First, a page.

Charles Dickens

Datchery should repent, but stopped at a safe distance, on the happy chance of his being uneasy in his mind about it, to goad him with a demon dance expressive of its irrevocability.

Mr. Datchery, taking off his hat to give that shock of white hair of his another shake, seemed quite resigned, and betook himself whither he had been directed.

Mr. Tope's official dwelling, communicating by an upper stair with Mr. Jasper's (hence Mrs. Tope's attendance on that gentleman), was of very modest proportions, and partook of the character of a cool dungeon. Its ancient walls were massive, and its rooms rather seemed to have been dug out of them, than to have been designed beforehand with any reference to them. The main door opened at once on a chamber of no describable shape, with a groined roof, which in its turn opened on another chamber of no describable shape, with another groined roof: their windows small, and in the thickness of the walls. These two chambers, close as to their atmosphere, and swarthy as to their illumination by natural light, were the apartments which Mrs. Tope had so long offered to an unappreciative city. Mr. Datchery, however, was more appreciative. He found that if he sat with the main door open he would enjoy the passing society of all comers to and fro by the gateway, and would have light enough. He found that if Mr. and Mrs. Tope, living overhead, used for their own egress and ingress a little side stair that came plump into the Precincts by a door opening outward, to the surprise and inconvenience of a limited public of pedestrians in a narrow way, he would be alone, as in a separate residence. He found the rent moderate, and everything as quaintly inconvenient as he could desire. He agreed, therefore, to take the lodging then and there, and money down, possession to be had next evening, on condition that reference was permitted him to Mr. Jasper as occupying the gatehouse, of which on the other side of the gateway, the Verger's hole-in-the-wall was an appanage or subsidiary part.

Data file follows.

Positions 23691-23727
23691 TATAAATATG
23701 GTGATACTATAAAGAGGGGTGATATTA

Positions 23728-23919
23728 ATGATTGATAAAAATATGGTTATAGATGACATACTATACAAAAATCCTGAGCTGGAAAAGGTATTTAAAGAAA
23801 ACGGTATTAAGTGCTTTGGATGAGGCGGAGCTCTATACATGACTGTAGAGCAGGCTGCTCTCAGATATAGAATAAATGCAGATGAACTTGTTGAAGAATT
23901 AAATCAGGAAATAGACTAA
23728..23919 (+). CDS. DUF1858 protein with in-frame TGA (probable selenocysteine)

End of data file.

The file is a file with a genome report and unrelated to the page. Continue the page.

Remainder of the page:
The poor dear gentleman was very solitary and very sad, Mrs. Tope said, but she had no doubt he would 'speak for her.' Perhaps Mr. Datchery had heard something of what had occurred there last winter?

Mr. Datchery had as confused a knowledge of the event in question, on trying to recall it, as he well could have. He begged Mrs. Tope's pardon when she found it incumbent on her to correct him in every detail of his summary of the facts, but pleaded that he was merely a single buffer getting through life upon his means as idly as he could, and that so many people were so constantly making away with so many other people, as to render it difficult for a buffer of an easy temper to preserve the circumstances of the several cases unmixed in his mind.

Mr. Jasper proving willing to speak for Mrs. Tope, Mr. Datchery, who had sent up his card, was invited to ascend the postern staircase. The Mayor was there, Mr. Tope said; but he was not to be regarded in the light of company, as he and Mr. Jasper were great friends.

'I beg pardon,' said Mr. Datchery, making a leg with his hat under his arm, as he addressed himself equally to both gentlemen; 'a selfish precaution on my part, and not personally interesting to anybody but myself. But as a buffer living on his means, and having an idea of doing it in this lovely place in peace and quiet, for remaining span of life, I beg to ask if the Tope family are quite respectable?'

Mr. Jasper could answer for that without the slightest hesitation.

'That is enough, sir,' said Mr. Datchery.

'My friend the Mayor,' added Mr. Jasper, presenting Mr. Datchery with a courtly motion of his hand towards that potentate; 'whose recommendation is actually much more important to a stranger than that of an obscure person like myself, will testify in their behalf, I am sure.'

'The Worshipful the Mayor,' said Mr. Datchery, with a low bow, 'places me under an infinite obligation.'

'Very good people, sir, Mr. and Mrs. Tope,' said Mr.